Gen Z’ers use their passions and hobbies to cultivate strong influences across social media platforms

October 28, 2022

Students listen to a presentation on social media influencers

Three social media influencers shared their secrets on engaging audiences, growing a following and developing paid partnerships at a discussion on October 25.

This discussion was sponsored by the School of Communications in order to educate students on how to grow an audience on social media. 

Sydney Reynolds ‘21, MS ‘22, who has more than 200,000 followers on Tik Tok and has multiple videos that have surpassed one million views, creates pop culture-focused videos. Her TikTok handle is @Missbeifong. 

“I decided to hone in on a niche,” said Reynolds, an associate producer at CBS News in New York. “Everything related to pop culture I expanded from my niche. Figure out what your followers like and what they don’t like and go from there.”

Jaden Kassa uses the social media platforms Instagram and TikTok to document her fitness and weight-training journey. She has more than 200,000 combined followers on TikTok and Instagram. Kassa began using Instagram to document her transformation after overcoming health setbacks.  

“There came a point in my life when I was having a lot of health issues and I ended up developing an eating disorder as well,” shared Kassa. “I use my accounts to track my progress and to make sure that I am getting better.”  

Beyond fitness, Kassa is a student at James Madison University and has dreams of going to the Olympics for weightlifting. Kassa’s handle on Instagram and TikTok is @Jadenkfit. 

Michael Jones ‘25, MS ‘26, a film, television and media arts major at Quinnipiac, posts on YouTube about video games he plays on the Nintendo Switch.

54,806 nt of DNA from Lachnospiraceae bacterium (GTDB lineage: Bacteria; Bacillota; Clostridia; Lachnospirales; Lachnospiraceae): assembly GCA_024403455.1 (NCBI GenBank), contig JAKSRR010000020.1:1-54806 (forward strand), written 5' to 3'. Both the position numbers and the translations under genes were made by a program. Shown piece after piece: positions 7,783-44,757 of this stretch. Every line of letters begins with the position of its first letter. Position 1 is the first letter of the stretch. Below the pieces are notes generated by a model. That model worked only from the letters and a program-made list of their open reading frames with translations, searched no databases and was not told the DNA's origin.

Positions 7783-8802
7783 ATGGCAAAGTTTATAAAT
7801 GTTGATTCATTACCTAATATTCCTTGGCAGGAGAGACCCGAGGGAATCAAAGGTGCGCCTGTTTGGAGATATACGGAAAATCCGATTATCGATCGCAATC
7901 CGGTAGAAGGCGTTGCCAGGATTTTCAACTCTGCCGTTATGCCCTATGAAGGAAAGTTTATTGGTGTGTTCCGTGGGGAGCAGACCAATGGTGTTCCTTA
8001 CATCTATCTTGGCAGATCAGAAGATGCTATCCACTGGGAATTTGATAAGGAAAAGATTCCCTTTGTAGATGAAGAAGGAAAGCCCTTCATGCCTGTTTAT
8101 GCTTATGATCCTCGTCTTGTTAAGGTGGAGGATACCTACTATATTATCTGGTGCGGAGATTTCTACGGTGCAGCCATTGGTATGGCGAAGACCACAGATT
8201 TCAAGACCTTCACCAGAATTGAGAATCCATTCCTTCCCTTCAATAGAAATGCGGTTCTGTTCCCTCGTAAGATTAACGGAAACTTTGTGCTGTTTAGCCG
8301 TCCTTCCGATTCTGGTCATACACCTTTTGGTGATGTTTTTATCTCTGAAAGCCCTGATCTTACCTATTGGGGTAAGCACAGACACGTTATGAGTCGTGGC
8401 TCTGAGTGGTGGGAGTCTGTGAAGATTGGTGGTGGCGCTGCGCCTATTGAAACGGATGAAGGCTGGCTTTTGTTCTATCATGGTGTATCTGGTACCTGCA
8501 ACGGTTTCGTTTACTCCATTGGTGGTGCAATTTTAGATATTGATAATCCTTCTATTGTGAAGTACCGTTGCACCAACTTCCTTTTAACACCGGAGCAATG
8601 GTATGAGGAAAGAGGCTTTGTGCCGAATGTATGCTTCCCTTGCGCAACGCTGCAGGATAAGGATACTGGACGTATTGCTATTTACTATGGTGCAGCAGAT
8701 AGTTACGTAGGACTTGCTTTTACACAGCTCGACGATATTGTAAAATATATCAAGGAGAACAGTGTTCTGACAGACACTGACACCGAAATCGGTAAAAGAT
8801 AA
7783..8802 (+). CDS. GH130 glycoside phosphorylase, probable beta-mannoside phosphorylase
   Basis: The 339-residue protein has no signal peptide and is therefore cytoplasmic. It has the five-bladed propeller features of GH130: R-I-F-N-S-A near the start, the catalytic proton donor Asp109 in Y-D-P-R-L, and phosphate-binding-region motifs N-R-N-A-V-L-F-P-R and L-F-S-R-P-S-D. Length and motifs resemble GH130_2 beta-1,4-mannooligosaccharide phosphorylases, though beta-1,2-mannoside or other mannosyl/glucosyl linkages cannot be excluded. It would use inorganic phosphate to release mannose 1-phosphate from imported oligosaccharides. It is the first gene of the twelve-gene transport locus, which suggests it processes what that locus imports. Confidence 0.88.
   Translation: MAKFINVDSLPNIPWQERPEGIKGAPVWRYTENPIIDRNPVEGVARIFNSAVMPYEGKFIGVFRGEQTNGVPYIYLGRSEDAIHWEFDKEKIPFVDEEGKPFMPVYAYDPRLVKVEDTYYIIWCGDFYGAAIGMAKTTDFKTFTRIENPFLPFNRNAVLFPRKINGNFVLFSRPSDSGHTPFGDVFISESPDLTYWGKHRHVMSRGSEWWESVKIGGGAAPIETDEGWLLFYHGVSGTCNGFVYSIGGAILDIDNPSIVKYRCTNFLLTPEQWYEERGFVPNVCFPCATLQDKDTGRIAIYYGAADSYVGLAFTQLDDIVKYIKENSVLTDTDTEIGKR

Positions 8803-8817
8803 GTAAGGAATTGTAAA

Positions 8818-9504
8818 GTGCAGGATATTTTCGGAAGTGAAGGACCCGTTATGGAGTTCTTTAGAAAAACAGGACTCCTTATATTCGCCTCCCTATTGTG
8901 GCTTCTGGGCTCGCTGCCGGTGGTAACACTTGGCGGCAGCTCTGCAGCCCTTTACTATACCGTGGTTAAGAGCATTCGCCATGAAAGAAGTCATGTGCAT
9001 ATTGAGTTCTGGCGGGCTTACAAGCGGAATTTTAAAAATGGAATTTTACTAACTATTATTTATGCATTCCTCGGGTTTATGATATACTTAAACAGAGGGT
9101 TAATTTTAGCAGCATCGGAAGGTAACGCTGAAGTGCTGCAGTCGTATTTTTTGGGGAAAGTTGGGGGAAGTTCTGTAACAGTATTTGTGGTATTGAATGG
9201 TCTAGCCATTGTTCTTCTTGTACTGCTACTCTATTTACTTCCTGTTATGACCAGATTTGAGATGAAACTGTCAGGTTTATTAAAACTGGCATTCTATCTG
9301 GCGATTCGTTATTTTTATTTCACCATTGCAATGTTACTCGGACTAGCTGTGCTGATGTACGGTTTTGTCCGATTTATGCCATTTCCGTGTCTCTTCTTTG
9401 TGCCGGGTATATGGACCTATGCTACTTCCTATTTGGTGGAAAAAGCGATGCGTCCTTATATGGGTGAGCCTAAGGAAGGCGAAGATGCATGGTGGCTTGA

Jones has more than 115,000 subscribers and his videos have gained more than 28 million views.  

His content consists of level-analysis, game character rankings, scripted commentary and other topics with games such as “Super Mario Odyssey,” “Super Smash Bros Ultimate” and “Mario Maker 2.”

“It can take a long time to find success and to keep that success is also a lot of work,” said Jones. Outside of YouTube, Jones is also a film, television and media arts major at Quinnipiac. Jones’s handle is Odyssey Central

“People like things that are very eye-catching,” said Kassa. “I have a video of a transformation of me from when I was severely underweight to the muscle I’ve gained now. The video blew up and that was my first big takeoff.”  

Jones said he tries to upload at least one video each week. “It takes me around 20 to 40 hours,” said Jones. “Coming up with a video idea can be very difficult because you want to make sure your ideas are original. You also need to make sure you create a good thumbnail and title, because that’s what will get people to click on your video.” 

Reynolds agreed, saying she scouts social media before making each new video. “TikTok isn’t always about retention because since a lot of the TikToks I make are six seconds,” she said. "It's easy for people to just aimlessly scroll. So, it’s really all about checking what people are talking about on social media like shows and celebrity drama.”

After gaining thousands of followers, subscribers, likes and shares, brand deals and sponsorships will soon follow, the trio of creators agreed.  

“I was on the prowl for sponsors, and I created a list of people and companies that I would be OK with representing,” said Kassa. “Because while you are still trying to get money, you want to make sure all your values are accounted for.  

Kassa said that when it comes to sponsors, you should always keep your options open.

“A company wanted me to be an exclusive athlete, which meant I could not represent any other brand for a certain number of years. At that point, my platform was still growing rapidly, and I did not want to be exclusive yet because what if there are other opportunities with companies that will pay me more,” said Kassa. “If you’re still on the uptrend, it’s definitely good to make sure to keep your options open because you never know what other opportunities will come.” 

Kassa encouraged the audience to always have a plan b.  

“There’s always the chance that your follower could get disinterested. There’s always that uncertainty there so have a back-up plan,” said Kassa.

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